What Do You Do When Your Colleagues Won’t Follow the Style Guide?
18 December, 2018
What should you do if you’re the lone voice of editorial standards in a company full of people who can’t even be bothered to put their dishes in the dishwasher or make sure their garbage hits the wastebasket, let alone follow your style guide?
A style guide exists for a reason, and that reason isn’t just that you like consistency. Your choices of spelling, punctuation and formatting are made carefully with an eye to the audience. And industry standards. And clarity. And, yes, tidiness. No one who checks into a hotel would accept a messy bed, so why should readers be forced to look at inconsistent writing?
Here are some things you can do to get people to follow house style.
You Could Try These, But Don’t Blame Us If You Do
These methods may sound familiar. Nevertheless, we’re not recommending any of them.
Require all new employees to memorize the style guide. They won’t, and they don’t need to, and they’ll hate you for expecting it of them.
Be passive aggressive. Send little reminder emails to the whole company focusing on that one little detail someone who shall remain nameless overlooked, by accident of course, and it’s OK, you caught it, but it’s really helpful if we can all pitch in, you know?
Be aggressive aggressive. Sometimes screaming at people can be cathartic. And if you do it enough, you won’t have any co-workers to have to scream at.
Ask nicely. It’s less cathartic than screaming at people but also less likely to give you a heart attack. Success rate is approximately the same, but it makes less work for HR.
Just don’t even bother. Fix it all yourself. No one else can be trusted to get it right anyway. And you’ll have that feeling of accomplishment as you finally put your computer to sleep for the day at 8:30 pm. It’ll last until the next day, when you spot that one awful thing you missed because you were too tired… or maybe until the president of the company spots it first at 11:30 pm.
It’s Worth Trying These
There are some things that can at least slightly increase the likelihood of your style guide being adhered to. We can’t guarantee they’ll help as much as you’d like, but they’re worth doing regardless.
Explain why it’s important. Formulate an elevator pitch on why sticking to house style matters. Keep abstract explanations of principle to yourself. Instead, talk about legal and fiscal consequences with specific examples. Give cases of disastrous lapses that have affected other companies. But be calm, collegial and concise.
Run a yearly one-hour lunchtime workshop and provide food. It’s not the weekly or monthly sessions that you might want to run (and that some colleagues need), and not everyone who needs it will attend. But a short annual class with a free lunch will have a good effect. Don’t be exhaustive or exhausting; just focus on the most important items and show how to find answers.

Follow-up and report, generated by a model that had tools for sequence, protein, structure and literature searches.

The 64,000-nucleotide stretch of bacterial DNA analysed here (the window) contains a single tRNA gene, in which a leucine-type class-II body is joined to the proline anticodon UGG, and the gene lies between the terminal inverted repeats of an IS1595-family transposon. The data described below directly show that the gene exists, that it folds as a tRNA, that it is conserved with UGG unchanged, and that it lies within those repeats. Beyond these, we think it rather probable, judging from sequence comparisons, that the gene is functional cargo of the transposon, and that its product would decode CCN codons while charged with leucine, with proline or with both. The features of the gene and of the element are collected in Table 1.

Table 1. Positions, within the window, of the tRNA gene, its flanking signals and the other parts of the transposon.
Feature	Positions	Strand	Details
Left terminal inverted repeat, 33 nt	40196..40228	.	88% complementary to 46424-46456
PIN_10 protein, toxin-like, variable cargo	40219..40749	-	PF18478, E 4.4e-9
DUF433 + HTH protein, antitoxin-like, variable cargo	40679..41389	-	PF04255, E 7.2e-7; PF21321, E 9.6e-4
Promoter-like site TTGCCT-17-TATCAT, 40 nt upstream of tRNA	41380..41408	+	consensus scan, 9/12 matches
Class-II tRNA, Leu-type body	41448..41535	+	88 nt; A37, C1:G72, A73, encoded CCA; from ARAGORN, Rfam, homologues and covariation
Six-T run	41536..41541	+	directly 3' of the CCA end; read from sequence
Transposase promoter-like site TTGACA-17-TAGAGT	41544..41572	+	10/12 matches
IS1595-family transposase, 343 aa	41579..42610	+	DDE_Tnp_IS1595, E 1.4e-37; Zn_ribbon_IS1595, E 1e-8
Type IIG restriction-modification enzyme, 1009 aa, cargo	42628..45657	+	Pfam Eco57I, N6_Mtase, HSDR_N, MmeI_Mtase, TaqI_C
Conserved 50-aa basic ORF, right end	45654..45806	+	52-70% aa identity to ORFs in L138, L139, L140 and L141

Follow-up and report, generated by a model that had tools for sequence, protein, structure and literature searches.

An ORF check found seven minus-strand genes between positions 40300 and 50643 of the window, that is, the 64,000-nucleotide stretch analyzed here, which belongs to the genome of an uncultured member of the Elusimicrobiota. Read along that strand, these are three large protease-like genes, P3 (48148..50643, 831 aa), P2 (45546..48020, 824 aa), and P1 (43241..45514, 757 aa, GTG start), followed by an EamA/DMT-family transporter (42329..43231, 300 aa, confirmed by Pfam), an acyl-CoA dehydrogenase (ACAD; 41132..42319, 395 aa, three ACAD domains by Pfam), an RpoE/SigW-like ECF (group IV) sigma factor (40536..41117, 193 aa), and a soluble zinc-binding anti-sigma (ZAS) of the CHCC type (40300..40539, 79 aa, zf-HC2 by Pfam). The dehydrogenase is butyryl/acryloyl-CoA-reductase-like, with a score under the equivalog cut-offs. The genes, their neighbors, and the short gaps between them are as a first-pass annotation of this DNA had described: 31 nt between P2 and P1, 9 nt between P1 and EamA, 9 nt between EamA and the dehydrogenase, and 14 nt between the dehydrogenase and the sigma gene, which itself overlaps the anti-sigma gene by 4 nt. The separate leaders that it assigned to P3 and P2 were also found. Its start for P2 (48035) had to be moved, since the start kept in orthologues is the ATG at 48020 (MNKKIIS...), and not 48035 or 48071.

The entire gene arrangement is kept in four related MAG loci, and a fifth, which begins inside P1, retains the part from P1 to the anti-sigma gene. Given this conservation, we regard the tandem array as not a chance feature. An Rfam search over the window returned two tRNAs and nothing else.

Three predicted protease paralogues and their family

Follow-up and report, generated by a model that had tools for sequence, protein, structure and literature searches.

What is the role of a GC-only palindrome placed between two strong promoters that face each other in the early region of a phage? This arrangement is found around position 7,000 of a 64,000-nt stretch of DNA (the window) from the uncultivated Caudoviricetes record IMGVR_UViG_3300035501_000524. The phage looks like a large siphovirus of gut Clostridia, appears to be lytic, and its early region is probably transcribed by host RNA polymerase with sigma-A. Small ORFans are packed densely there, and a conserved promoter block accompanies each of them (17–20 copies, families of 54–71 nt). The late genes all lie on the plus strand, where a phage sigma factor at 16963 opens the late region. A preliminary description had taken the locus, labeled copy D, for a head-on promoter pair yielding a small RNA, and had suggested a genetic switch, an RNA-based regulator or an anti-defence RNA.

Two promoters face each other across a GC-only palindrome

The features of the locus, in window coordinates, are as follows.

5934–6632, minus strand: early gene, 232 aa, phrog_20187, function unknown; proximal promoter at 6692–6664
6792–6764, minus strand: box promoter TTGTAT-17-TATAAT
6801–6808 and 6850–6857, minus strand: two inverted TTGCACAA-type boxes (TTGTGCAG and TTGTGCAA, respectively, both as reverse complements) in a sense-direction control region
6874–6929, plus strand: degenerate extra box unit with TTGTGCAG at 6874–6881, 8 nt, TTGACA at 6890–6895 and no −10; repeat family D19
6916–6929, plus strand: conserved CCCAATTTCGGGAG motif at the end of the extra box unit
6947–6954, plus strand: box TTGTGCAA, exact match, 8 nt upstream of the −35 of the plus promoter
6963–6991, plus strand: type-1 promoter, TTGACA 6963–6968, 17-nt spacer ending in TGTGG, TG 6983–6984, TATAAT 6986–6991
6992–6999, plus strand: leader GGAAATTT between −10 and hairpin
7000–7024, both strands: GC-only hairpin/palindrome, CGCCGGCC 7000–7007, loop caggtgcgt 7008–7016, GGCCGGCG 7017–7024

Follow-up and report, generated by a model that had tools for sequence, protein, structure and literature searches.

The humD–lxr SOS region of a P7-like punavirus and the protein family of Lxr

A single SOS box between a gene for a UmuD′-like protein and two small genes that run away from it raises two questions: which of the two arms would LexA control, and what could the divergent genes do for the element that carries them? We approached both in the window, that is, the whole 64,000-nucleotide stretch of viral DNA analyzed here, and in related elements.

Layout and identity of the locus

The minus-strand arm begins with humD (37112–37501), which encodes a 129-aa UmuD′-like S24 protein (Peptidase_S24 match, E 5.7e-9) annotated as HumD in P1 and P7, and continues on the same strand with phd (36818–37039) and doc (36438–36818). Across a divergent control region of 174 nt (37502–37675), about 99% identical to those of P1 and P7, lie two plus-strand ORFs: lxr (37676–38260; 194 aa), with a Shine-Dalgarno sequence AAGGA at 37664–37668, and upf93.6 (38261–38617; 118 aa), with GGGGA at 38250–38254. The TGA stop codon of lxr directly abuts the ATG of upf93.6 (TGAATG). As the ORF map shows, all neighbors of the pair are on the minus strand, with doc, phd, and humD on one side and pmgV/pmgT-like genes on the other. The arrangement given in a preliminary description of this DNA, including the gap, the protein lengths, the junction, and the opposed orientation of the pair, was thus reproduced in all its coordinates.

Make it the path of least resistance. One of the best ways to get people to do something is to make it harder not to do it than just to do it. You can accomplish this to some extent with templates that constrain users to the style you want. This will help with structural and formatting details – but not as much with spelling and punctuation.
Definitely Try This
There’s one more thing you can do to help: Call technology to your aid.
You don’t want to spend your days harassing colleagues or fixing basic errors. And no matter what you do, colleagues are unlikely to pay attention to a written style manual. PerfectIt solves all of that. You can create a house style sheet in PerfectIt and propagate it automatically to everyone in the company. Then colleagues just click PerfectIt and are taken through all of your corrections. It makes their lives easier. It delivers better documents. And it means you’re not fixing obvious errors late into the night.
PerfectIt doesn’t decide your style sheet for you. It doesn’t replace editorial judgment. It helps you implement your judgments more efficiently by finding the places where a document is stylistically inconsistent. And it helps enforce those rules with colleagues. It’s the little helper you’ve always needed.
PerfectIt won’t put an end to all your style adherence woes. There are many style issues that no software program can help with. However, it’s more effective than any other approach, and it will save you a lot of work too. See for yourself – download a free trial for Mac or PC.